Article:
Women in Saudi Arabia allowed to attend soccer match for first time

The notorious driving ban on women was lifted in September 2017, and this week Saudi Arabia will host its first ever women's squash tournament.

In the soccer-obsessed but ultraconservative Islamic kingdom, the match between the local teams Al-Ahli and Al-Batin in Jeddah, was the first time that women were allowed to attend a game at a public stadium, a new step in the government's efforts to loosen gender restrictions.

But these rules have begun to change under King Salman, who became the Saudi monarch in 2015, and are driven by his son, Mohammed bin Salman (32), the country's crown prince.

The stadium has designated "family section" for the women spectators in the stands where they were allowed to observe the game with other family members, also an attempt to separate them from single men.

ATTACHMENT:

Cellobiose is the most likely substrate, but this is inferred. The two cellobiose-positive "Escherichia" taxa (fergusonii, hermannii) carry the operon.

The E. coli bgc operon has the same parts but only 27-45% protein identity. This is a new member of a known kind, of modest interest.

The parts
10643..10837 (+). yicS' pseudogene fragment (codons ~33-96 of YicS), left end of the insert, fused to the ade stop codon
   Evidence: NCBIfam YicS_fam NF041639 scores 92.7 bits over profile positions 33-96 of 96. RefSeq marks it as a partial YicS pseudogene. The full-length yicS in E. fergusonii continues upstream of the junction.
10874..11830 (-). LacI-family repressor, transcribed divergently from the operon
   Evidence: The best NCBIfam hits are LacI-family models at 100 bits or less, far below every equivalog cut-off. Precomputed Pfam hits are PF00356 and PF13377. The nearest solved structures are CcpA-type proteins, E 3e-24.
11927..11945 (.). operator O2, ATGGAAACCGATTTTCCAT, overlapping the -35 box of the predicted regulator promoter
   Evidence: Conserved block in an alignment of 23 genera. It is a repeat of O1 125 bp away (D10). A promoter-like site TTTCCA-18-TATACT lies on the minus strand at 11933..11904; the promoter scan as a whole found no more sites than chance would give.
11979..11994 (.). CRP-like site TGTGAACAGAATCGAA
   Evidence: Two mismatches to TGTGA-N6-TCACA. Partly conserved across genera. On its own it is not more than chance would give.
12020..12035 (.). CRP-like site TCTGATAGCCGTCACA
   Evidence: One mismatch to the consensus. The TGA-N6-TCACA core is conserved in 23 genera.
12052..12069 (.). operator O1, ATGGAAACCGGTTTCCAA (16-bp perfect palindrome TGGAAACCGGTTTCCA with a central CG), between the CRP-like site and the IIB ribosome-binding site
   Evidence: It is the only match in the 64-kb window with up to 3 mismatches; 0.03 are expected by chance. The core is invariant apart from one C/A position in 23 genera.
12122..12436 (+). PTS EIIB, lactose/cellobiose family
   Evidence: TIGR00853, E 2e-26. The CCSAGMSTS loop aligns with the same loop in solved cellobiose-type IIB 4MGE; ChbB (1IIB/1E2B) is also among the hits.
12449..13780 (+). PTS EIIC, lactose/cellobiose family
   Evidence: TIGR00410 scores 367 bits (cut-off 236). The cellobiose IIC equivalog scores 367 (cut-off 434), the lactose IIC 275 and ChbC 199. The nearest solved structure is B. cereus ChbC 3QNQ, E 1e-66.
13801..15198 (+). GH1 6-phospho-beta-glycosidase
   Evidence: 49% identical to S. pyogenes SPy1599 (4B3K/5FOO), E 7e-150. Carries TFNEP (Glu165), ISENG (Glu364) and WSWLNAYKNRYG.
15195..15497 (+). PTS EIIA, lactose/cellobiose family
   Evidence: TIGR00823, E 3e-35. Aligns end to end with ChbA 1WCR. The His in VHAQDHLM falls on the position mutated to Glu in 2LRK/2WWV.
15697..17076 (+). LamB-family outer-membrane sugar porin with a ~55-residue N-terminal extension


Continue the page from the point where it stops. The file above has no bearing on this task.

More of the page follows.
Ahead of the game on Friday, clubs took to Twitter to encourage women to attend, with some even offering the traditional abaya robe in team colours. Saudi women for the first time are allowed to enter a sports stadium to watch a soccer match.

"Honestly, this decision should have happened a long time ago", said Ms Muneera al-Ghamdi, an attendee.

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Social media Football is very popular in Saudi Arabia, with many fans of global and local leagues, but female enthusiasts long had to content themselves with watching their favourite teams on television. "I am very proud to be a witness of this massive change".

Ruwayda Ali Qassem, another Jeddah resident, said Friday was a "historic day in the kingdom which culminates [in] ongoing fundamental changes". "But thank god that it came in the right time, and hopefully what's to come will be even more attractive for women".

And the result of yesterday's game?

The women entered the King Abdullah Stadium through a special gate, with female security guards wearing orange vests searching the visitors at the entrance.

Saudi Arabia still has a long ways to go in terms of boosting women's empowerment, but progress, no matter how slow it comes, is progress.

  • Adam Floyd